Sunday, November 30, 2014

Prefer Stagnation? But Why?

"See, I am doing a new thing! Now it springs up; do you not perceive it?"... Isaiah 43:19


While in my 20's, 30's and 40's if you peeked into my windows, you'd see me:

painting rooms
reading decorating magazines or 'we bought a farm' type books
cooking, baking
watching Hallmark movies
doing cross stitch
making crafts
rearranging furniture

Or if you followed me around town I'd take you shopping or to the city library.

But now? In my 50's? Yick. Most of those give me the eebie-jeebies and I only do them if I must.

And that's ok.

I've moved on, shed old skin and am continuing to grow and change and form into a new person as God persists in doing new things within me. 

Perhaps this explains why my core group of friends is different--along the years we split, discovered new interests and now travel upon separate veins. Occasionally we meet back up if the veins intertwine, but sometimes they never cross again.

Why do so many folks worry when they no longer enjoy the same hobbies/people/books/tasks/movies? Why does stagnation appear like The Better Way? Why is change so dreaded?

Yeah, probably fear of the unknown explains much. Of venturing from the safe ruts in which one has become accustomed, risking falling, failing, disappointment or being viewed as a klutz or a talentless dud.

Do you know why I still view my 40's as my most magical decade? I tried a ton of new, scary-to-me adventures. I stepped out of many boats (figuratively) and walked upon water, keeping my eyes upon Jesus lest I sink. Some endeavors didn't work out, but most did. Basically, I 'stepped out and found out' what God meant me to do and be--and what He didn't.

Yep, it was one exciting decade, one whose ripples still nudge me farther and farther out into the unknown. An unknown where, always, I meet God standing upon each unexplored shore waiting to show me a new adventure so that--when I reach Heaven--I'll have missed nothing He planned ahead for me to know and do and become.


He who rejects change is the architect of decay. The only human institution which rejects progress is the cemetery. ~Harold Wilson

When you are through changing, you are through. ~Bruce Barton


Saturday, November 29, 2014

Gah. Bitter Christians.

" ... choose you this day whom you will serve; whether the gods which your fathers served that were on the other side of the flood, or the gods of the Amorites, in whose land you dwell." ... Joshua 24:15


Bitter Christians make me bonkers. 

You know, how they choose to concentrate upon what went wrong, what's going wrong, what will always be wrong. How they don't even realize they're not ok.

The way they soak for hours in bathtubs filled with Self Pity Water. You know about Self Pity Water, right? It pulls you under, closes your eyes, then hypnotizes you into believing you have a right to feel sad. How can you help it? There is no other way to feel, at least, not until you hit Heaven. Only in Heaven will things get better. All God expects here? That you do your best to survive one miserable day after another.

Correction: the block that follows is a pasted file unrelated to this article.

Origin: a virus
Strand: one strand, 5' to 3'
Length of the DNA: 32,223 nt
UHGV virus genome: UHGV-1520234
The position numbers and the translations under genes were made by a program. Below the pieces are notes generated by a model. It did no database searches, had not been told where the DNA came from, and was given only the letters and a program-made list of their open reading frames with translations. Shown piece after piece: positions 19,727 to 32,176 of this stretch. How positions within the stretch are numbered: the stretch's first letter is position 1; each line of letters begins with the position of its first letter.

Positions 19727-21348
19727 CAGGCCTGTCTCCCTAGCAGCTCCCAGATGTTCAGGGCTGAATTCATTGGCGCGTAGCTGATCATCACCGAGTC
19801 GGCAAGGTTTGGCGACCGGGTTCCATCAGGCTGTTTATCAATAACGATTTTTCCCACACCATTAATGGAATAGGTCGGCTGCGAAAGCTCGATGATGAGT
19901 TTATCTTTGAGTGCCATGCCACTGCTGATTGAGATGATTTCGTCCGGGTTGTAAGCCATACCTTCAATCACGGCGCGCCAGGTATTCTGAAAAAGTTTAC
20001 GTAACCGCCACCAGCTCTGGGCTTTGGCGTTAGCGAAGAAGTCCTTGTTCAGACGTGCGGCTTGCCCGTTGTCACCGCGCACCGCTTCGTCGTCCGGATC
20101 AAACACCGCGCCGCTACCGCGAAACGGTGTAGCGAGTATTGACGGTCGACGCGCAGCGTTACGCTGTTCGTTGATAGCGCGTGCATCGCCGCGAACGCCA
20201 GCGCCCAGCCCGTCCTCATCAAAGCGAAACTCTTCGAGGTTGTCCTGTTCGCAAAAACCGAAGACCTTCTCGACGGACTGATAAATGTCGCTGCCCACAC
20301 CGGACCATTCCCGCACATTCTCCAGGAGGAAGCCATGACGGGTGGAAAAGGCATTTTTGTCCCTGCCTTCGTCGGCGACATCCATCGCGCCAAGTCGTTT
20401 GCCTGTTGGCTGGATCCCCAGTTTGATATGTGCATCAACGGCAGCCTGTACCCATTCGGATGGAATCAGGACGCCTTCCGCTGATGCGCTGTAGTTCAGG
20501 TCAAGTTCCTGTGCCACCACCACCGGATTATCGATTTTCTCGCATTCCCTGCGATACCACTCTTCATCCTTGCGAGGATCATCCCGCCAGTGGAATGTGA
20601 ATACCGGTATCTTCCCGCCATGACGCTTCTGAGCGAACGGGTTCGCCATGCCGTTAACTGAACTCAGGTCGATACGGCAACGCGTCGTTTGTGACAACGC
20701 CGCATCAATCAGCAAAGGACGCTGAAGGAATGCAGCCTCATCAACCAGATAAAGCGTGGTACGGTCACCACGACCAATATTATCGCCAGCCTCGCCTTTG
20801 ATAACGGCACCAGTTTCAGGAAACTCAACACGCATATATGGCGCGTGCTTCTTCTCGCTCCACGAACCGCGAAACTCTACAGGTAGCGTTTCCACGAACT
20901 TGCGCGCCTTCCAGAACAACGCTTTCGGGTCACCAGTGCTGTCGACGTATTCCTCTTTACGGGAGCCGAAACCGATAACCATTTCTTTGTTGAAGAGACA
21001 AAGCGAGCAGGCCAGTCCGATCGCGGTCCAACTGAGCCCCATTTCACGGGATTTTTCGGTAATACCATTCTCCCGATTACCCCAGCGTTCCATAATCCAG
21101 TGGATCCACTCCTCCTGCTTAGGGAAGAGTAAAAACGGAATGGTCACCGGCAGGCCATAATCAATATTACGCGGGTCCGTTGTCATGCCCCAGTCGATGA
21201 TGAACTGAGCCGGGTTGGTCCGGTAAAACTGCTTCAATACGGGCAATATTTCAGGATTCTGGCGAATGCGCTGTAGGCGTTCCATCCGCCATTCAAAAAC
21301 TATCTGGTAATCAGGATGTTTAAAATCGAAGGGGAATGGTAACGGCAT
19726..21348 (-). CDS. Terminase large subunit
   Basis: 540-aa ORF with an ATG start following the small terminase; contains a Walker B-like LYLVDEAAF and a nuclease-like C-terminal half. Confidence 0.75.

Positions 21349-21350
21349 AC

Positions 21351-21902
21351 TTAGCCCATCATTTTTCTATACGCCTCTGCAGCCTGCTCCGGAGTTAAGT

Good grief.

If you are a Christian, today you are not helpless. 

You are not destined to stay on the defensive side, the mad or sad sides, either. Nor drowning, hypnotized, beneath Self Pity Water. 

"It is for freedom that Christ has set you free."

Freedom! Not hopeless-like-everybody else. Not feeling like the unsaved, clueless, angry world. But real, never-ends freedom.

Yet of course, that also means we have these freedoms:

To not seek help.
To not make attitude changes. Or health/vitamin/exercise changes.
To believe the Bible's power promises are no longer valid. At least for us.
To believe other Christians 'get it', but we never will.

Yesterday Tom and I rewatched the first two original Lord of the Rings movies and they reminded me that we are in a war. A daily battle! But the good news? "It is not by might, nor by power, but by My Spirit, says the Lord."

And His great Spirit of Love changes everything. Love, not bitterness, envy or self-pity. Love is spiritual warfare. Love is the greatest thing and if only we'd seek to become lovers of God!

Oh, what His Living Water will change. Day by day, from glory to glory, from strength to strength.

Making us not limpers, but rather, leapers.



"Therefore put on the full armor of God, so that when the day of evil comes, you may be able to stand your ground, and after you have done everything, to stand."   ... Ephesians 6:13

“Self-pity. Certainly the most destructive vice if you like, that a person can have. More than pride, which is supposedly the number one of the cardinal sins - is self pity. Self pity is the worst possible emotion anyone can have. And the most destructive. It is, to slightly paraphrase what Wilde said about hatred, and I think actually hatred's a subset of self pity and not the other way around - ' It destroys everything around it, except itself '. 

Self pity will destroy relationships, it'll destroy anything that's good, it will fulfill all the prophecies it makes and leave only itself."...